And if your leaf have got a straw within it, Pipe! whether plain in fashion of Frey-herr, You know 'tis like a cinder in a minute. Or gaudy glittering in the taste of Boor, Deep-darkened Meer-schaum or Ecume-de. I have no doubt a long excursive hooker

Suits well some lordly lounger of Bengal, Or snowy clay of Gowda, light and pure. Who never writes, or looks into a book, or Let different people different pipes prefer, Does any thing with earnestness at all : Delft, horn, or catgut, long, short, older, He sits, and his tobacco's in the nook, or

Tended by some black heathen in the hall, Puff, every brother, as it likes him best,

Lays up his legs, and thinks he does great De gustibus non disputandum est.


If once in the half hour a puff he brings. Pipe ! when I stuff into thee my canaster, With flower of camomil and leaf of rose,

I rather follow in my smoking trim And the calm rising fume comes fast and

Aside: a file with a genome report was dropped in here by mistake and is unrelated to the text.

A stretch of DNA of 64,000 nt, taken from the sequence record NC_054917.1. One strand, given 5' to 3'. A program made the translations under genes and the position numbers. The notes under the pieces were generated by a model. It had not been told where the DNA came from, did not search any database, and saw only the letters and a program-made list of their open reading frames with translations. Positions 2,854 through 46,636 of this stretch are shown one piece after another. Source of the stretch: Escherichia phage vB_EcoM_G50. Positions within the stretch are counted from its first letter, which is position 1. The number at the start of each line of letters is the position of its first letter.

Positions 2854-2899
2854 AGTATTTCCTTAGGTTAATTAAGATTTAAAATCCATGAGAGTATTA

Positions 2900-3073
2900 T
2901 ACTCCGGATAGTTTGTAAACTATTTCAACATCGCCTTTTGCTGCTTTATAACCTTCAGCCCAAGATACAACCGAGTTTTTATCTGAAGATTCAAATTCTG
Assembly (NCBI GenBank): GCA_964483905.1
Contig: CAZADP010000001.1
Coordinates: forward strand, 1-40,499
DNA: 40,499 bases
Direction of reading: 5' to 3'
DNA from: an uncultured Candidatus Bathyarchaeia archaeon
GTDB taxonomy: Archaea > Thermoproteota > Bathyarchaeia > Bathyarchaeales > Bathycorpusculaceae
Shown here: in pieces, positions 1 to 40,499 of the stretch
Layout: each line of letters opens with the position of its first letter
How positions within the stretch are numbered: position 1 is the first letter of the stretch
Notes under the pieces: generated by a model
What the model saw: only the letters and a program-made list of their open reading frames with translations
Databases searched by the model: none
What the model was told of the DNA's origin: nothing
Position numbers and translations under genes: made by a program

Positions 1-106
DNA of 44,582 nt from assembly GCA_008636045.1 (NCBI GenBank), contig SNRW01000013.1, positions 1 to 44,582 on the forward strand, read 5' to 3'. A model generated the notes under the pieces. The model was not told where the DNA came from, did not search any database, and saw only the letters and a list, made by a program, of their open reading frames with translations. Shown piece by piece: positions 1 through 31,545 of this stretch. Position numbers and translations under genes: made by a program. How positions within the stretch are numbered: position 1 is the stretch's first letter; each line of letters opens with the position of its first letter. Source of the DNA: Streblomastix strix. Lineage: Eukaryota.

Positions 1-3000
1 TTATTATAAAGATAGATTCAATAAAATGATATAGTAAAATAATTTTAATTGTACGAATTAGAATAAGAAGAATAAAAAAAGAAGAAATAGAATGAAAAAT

The example of Scots cottars and their faster,

wives, Curling with balmy circles near my nose, And all the while my dexter hand is master

Who, while the evening air is warm and dim,

In July sit beside their garden hives ; Of the full cup from Meux's vat that flows, Heavens! all my brain a soft oblivion wraps To see how the concern of honey thrives,

And, gazing all the while with wrinkles grim, Of wafered letters and of single taps.

Empty before they've done a four-ounce bag I've no objections to a good segar,

Of sailors' twist, or, what's less common A true Havannah, smooth, and moist, and shag. brown;

(To be continued.)



[The two following classical jeux d'esprit are extracted from the works of the Rev Francis Wrangham (3 vols 8vo. Baldwin & Co. London, 1816), one of the most accomplished of our living English scholars, and distinguished at the university of Cambridge as the successful competitor of the celebrated Tweddell. We intend, in an early Num. ber, to offer some remarks on that class of writers of which we consider him an honourable representative. EDITOR.]